“Companies have every good reason to get all of their employees vaccinated and also have an obligation to keep all employees and customers safe,” said Lawrence Gostin, who teaches global health law at Georgetown University.
Many others who have knowledge about health law agreed that employees have few civil liberties at the work place, while companies wield extensive authority to regulate health and safety conditions.
“Employers can legally require people to get vaccinated,” ABC7 legal analyst Gil Soffer said, according to WLS. “Some employers already require their employees to get vaccinated for the flu, for example.”
The Occupational Safety and Health Administration has concurred in Gostin’s judgement about previous vaccines, though the agency has not commented on COVID-19 vaccines in particular.
The Equal Employment Opportunity Commission said in May that companies could force their workers to be tested for the coronavirus before allowing them to return to work. This authority may extend to the vaccine.
Robert Field, who teaches law and public health at Drexel University, said companies may not be able to mandate the vaccination because President Donald Trump bypassed the regulatory review process to accelerate its development.
“Employers are on shakier grounds because of the emergency-use authorization,” Field said.
There is no precedent for employers mandating a vaccination that the health bureaucracy has not vetted.
Pfizer’s COVID-19 vaccine could be distributed as early Dec. 15 if the Food and Drug administration grants an emergency authorization.
Public opinion polls show that about half of Americans would likely or definitely refuse a vaccination.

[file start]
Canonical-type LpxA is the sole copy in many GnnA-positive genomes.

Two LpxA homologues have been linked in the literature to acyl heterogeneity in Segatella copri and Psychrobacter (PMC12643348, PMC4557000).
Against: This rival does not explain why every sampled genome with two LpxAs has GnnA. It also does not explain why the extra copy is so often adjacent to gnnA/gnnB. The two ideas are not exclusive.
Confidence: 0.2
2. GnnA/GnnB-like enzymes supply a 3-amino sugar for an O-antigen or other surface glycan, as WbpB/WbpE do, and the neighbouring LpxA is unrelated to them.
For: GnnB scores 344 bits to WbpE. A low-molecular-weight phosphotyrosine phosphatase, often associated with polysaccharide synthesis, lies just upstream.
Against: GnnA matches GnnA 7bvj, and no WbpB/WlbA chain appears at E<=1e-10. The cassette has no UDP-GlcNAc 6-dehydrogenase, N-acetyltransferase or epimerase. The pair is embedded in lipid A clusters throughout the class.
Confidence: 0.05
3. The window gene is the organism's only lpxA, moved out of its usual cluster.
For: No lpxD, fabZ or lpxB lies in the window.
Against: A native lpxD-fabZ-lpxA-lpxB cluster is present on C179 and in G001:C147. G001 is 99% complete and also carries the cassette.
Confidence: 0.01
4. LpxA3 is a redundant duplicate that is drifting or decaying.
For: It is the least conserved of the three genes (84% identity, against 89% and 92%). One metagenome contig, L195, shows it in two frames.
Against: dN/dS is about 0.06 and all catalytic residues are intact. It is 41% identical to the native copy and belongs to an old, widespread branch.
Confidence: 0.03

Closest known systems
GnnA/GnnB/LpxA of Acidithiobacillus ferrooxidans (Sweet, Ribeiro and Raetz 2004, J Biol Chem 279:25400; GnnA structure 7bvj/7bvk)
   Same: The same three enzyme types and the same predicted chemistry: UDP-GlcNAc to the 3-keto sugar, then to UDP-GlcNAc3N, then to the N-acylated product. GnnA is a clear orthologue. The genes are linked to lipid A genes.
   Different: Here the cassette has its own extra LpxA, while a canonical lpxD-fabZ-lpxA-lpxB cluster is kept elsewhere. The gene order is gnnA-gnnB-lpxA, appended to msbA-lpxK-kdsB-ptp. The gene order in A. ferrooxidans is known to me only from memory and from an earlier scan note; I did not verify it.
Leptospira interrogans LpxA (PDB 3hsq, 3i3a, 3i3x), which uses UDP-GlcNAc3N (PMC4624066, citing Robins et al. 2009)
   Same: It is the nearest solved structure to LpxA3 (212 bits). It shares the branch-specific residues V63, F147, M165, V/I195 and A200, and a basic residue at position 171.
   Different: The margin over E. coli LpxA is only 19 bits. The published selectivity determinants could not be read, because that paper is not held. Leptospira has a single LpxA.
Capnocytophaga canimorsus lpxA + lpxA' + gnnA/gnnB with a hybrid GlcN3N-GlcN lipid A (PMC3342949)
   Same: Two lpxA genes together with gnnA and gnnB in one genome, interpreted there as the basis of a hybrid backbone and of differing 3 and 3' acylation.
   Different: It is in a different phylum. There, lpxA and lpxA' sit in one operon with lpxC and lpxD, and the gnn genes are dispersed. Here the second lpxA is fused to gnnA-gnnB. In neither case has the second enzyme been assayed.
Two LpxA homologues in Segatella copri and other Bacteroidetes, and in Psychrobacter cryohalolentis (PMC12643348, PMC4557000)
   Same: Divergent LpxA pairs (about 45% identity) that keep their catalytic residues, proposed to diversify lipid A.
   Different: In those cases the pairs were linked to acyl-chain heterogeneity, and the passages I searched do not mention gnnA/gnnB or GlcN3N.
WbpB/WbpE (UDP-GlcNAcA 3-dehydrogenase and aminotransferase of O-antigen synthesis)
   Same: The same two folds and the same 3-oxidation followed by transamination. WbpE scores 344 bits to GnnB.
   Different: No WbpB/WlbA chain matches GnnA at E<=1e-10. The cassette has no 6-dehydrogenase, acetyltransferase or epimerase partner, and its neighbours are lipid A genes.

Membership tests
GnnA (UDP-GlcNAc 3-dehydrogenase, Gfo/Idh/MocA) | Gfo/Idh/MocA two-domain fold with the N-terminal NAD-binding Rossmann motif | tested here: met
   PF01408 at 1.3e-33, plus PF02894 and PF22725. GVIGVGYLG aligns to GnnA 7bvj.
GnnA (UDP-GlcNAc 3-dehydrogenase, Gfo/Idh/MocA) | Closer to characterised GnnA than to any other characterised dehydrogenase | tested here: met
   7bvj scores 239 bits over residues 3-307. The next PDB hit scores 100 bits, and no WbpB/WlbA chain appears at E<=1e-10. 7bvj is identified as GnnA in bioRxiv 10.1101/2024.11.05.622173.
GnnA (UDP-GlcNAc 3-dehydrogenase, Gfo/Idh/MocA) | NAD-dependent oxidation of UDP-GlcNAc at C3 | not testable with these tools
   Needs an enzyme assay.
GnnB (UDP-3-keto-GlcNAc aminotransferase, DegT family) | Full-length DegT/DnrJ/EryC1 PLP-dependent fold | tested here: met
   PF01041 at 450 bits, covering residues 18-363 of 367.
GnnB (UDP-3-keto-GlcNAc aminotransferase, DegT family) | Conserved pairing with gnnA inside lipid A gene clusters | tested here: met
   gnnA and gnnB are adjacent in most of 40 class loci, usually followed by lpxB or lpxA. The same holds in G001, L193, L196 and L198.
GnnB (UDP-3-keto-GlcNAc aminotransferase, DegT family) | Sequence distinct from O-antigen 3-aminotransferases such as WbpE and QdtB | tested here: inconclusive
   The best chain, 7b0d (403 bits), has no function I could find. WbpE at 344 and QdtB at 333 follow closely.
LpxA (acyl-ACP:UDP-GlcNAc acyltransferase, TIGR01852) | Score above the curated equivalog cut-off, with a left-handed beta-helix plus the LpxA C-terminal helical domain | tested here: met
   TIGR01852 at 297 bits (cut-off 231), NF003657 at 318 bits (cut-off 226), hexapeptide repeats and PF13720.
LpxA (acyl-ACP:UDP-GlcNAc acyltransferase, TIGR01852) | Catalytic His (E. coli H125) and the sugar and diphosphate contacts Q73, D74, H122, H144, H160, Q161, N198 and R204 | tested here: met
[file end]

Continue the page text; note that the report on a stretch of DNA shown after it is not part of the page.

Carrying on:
Strong public opposition has some employers announcing that they will not mandate a vaccination for their employees. Americans oppose the vaccination because of concerns about safety, morality, and liberty.
“Companies could theoretically issue a mandate, but in the current political climate it is very unlikely they will do so,” said Peter Meyers, who teaches law at George Washington University Law School. “Americans tend to shy away from mandates.”
Ford Motor Company ordered 12 deep freezers so they could store and administer the vaccine to employees, but the company will not require anyone to take it as a condition of employment.
The Kellogg Company staked out a similar position, saying that employees who want the vaccine can have it.
If employers decide to mandate the vaccine, then lawsuits could follow, which may make their way to the Supreme Court.
One potential safeguard against forced vaccination is a religious liberty exemption, since vaccines often develop by unethical means.
AstraZeneca’s COVID-19 vaccine, for example, contains cells that were originally derived from the embryonic kidney cells of an unborn baby who was murdered, Snopes reported.
Although COVID-19 vaccines do not literally contain aborted fetus cells, they contain derivates from them.
But if employees successfully resist the vaccine through a religious exemption, employers may have other means to punish them.
In the past, courts have required employers to provide alternative accommodations.
Under the new normal, employers could compel employees to wear masks for as long as they refuse to accept the vaccine.